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Speaking - Stakeholder and Risk Management

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Stakeholder and Risk Management

Lessons from the case study for the Olympic-class Project

There are several presentations available that provide a different slant on the case study and are intended for different audiences.

Project Management Blunders (Stakeholder Management)

The presentation carefully examines the project entirely from a project management perspective. Based on the latest research, from the Titanic community, it reviews all the major phases of the project (initiation, planning, design, construction, testing, implementation & operations) through a project management framework namely the Project Management Body of Knowledge. Close attention is paid to the 10 month period from Olympic's maiden voyage through to her collision with HMS Hawke, and the substantial impact on the project to complete Titanic. The project had started well but became embroiled through meddling stakeholders, with different agendas, compromises, a rushed job, more compromises, changes late in the project, improper testing, and a poor implementation. The presentation covers many things that go wrong in a project which lead to a project failure (or disaster). This is where the biggest learning lessons are for today's project managers.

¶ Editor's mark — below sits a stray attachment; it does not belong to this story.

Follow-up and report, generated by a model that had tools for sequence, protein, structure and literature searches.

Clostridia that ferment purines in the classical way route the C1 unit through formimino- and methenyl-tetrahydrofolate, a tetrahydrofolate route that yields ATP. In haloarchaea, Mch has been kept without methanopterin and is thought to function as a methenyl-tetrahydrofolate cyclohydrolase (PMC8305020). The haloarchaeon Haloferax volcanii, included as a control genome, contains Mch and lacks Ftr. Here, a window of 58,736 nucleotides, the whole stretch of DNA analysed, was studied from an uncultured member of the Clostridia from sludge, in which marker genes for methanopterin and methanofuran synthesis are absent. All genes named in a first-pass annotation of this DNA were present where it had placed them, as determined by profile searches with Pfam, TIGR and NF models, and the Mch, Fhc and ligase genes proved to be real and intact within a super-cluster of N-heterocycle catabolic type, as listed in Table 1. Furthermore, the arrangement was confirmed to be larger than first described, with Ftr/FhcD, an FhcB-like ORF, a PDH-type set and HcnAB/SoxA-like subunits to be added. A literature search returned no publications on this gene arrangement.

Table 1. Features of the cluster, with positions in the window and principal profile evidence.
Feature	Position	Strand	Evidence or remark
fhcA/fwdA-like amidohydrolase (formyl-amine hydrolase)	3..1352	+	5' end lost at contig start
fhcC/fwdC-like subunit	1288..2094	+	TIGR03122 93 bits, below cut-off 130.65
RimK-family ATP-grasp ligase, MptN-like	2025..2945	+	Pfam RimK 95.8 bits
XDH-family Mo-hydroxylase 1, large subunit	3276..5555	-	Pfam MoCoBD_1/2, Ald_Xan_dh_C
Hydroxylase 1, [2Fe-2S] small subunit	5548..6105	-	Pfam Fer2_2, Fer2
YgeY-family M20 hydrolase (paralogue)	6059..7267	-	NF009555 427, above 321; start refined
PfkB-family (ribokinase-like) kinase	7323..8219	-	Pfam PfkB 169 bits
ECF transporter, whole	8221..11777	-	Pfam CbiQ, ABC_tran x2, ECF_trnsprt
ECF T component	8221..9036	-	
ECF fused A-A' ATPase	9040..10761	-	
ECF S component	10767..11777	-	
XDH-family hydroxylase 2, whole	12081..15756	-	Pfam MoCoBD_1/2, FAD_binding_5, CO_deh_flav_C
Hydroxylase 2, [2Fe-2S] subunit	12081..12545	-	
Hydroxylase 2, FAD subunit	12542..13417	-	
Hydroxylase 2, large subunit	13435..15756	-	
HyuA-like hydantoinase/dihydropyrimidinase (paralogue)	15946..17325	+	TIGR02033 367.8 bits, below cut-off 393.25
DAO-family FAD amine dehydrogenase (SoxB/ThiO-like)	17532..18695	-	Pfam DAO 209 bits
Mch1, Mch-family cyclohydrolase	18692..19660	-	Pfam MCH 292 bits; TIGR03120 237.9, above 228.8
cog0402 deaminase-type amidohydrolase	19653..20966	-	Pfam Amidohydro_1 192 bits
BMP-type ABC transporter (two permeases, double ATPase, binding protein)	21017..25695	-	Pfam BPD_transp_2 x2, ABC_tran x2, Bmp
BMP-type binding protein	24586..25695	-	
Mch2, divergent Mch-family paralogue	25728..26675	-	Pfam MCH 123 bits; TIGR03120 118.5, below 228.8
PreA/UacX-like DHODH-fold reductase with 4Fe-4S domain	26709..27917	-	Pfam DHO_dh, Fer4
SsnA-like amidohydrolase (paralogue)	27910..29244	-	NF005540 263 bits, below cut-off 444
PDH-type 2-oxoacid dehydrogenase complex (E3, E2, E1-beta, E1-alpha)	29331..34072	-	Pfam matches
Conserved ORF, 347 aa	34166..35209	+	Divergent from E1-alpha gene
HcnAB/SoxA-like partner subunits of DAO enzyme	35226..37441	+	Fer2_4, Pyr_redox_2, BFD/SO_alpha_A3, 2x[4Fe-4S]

Audience: Project Managers, Program Managers


Project Management Blunders

Titanic  Project - Design

Titanic Lessons for IT Projects